Consolation to Helvia: Seneca on the Perception of Misfortune and Grief

Consolation to Helvia is a letter that Roman philosopher Seneca wrote to his mother while he was exiled in Corsica by Emperor Claudius. He ended up exiled for eight years after being accused of adultery by the new empress Messalina. His writing explains how he can take grace from his life situation, and gives his mother advice on how to deal with his ongoing absence.

Even though this it was meant as a private letter, it is filled with wisdom that is still applicable to modern life.

Seneca starts by acknowledging his misfortune, but understanding that his situation does have at least one advantage. It reminds me of a quote by ex-Navy SEAL Jocko Willink on why he says the word ‘good’ even when things seem bad: “It means you’re still alive. It means you’re still breathing. And if you’re still breathing, that means you’ve still got some fight left in you.” Seneca writes:

“Everlasting misfortune does have one blessing, that it ends up by toughening those whom it constantly afflicts.”

Seneca explains that there are different ways to deal with pain, and that one way is more desirable than the other:

“But just as recruits, even when superficially wounded, cry aloud and dread being handled by doctors more than the sword, while veterans, even if severely wounded, patiently and without a groan allow their wounds to be cleaned as though their bodies did not belong to them; so you must now offer yourself bravely for treatment.”

Seneca posits that happiness comes from within, not from the accumulation of material possessions:

“It was nature’s intention that there should be no need of great equipment for a good life: every individual can make himself happy… Prosperity does not elevate the sage and adversity does not depress him. For he has always made the effort to rely as much as possible on himself and to derive all delight from himself.”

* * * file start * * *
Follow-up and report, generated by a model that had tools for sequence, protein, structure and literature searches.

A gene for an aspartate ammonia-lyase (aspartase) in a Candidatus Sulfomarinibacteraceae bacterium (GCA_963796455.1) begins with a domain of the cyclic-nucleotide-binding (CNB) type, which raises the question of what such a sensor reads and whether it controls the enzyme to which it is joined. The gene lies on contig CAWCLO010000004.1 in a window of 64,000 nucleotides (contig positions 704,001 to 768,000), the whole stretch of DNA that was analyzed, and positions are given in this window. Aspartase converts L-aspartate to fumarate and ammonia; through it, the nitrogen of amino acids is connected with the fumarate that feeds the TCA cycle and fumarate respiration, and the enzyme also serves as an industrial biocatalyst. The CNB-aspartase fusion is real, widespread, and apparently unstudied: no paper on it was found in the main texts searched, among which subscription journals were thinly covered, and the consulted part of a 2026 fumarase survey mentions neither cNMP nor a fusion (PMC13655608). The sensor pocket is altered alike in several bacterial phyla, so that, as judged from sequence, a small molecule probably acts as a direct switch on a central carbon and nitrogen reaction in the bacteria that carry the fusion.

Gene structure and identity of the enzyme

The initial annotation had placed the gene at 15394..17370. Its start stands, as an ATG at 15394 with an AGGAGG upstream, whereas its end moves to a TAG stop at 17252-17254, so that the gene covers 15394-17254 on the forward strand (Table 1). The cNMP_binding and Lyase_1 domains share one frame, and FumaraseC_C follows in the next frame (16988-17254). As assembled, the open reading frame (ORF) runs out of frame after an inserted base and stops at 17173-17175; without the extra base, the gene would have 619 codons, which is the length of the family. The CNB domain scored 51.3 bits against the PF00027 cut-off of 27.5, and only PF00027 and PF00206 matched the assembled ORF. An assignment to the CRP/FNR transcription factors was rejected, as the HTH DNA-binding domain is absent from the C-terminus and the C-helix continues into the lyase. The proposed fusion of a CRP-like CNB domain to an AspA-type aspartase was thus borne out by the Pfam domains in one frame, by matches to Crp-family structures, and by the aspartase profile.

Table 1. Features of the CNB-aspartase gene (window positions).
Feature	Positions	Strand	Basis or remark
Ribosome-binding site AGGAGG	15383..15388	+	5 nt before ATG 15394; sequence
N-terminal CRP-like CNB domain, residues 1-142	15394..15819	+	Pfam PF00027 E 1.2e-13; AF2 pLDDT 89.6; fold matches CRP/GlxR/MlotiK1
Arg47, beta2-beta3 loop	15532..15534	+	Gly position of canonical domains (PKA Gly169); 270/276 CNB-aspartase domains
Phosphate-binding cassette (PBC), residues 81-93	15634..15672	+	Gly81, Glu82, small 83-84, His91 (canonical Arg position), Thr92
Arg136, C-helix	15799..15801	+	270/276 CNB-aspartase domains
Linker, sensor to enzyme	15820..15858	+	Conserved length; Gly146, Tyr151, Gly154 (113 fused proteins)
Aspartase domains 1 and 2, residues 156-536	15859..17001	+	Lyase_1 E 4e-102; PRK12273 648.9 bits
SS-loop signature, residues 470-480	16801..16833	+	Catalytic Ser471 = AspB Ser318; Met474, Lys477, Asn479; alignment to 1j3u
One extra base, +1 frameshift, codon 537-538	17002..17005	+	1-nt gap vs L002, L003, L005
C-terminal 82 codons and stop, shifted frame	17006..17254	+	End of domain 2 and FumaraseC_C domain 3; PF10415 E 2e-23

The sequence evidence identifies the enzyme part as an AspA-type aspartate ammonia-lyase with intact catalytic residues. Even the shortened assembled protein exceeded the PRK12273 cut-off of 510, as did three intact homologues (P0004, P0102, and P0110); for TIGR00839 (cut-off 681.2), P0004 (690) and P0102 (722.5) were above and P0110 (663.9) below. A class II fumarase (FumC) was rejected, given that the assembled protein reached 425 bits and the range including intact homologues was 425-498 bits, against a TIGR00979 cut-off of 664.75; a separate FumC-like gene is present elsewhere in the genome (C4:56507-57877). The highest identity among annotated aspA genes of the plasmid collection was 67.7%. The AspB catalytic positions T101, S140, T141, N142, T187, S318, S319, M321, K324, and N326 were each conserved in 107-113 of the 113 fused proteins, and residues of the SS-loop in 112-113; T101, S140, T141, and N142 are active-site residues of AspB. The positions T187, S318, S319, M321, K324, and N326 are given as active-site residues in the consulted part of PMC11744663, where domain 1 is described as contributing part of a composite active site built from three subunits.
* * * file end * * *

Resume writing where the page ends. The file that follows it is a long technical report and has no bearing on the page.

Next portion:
Seneca explains that often the destruction that misfortune can bring to one’s life is proportional to how unexpected it was. He not only recommends to expect the misfortune, but to also be unattached to the riches fortune brings when things are going well, so that when things turn for the worse, strength of spirit still stays intact. He writes:

“Fortune falls heavily on those to whom she is unexpected; the man who is always expecting her easily withstands her… Never have I trusted Fortune, even when she seemed to offer peace. All those blessings which she kindly bestowed on me – money, public office, influence – I relegated to a place whence she could claim them back without bothering me. I kept a wide gap between them and me, with the result that she has taken them away, not torn them away. No man has been shattered by the blows of Fortune unless he was first deceived by her favours… But the man who is not puffed up in good times does not collapse either when they change.”

Seneca goes on to explain that his place of exile is not so undesirable – people move to Corsica of their own free will! He writes:

“You will find no place of exile where somebody does not linger because he wants to… Yet more foreigners than natives live here… Even this place has enticed some people from their homeland.”

Seneca champions the ability of humans to be able to adapt to changing circumstances, just as the rest of nature: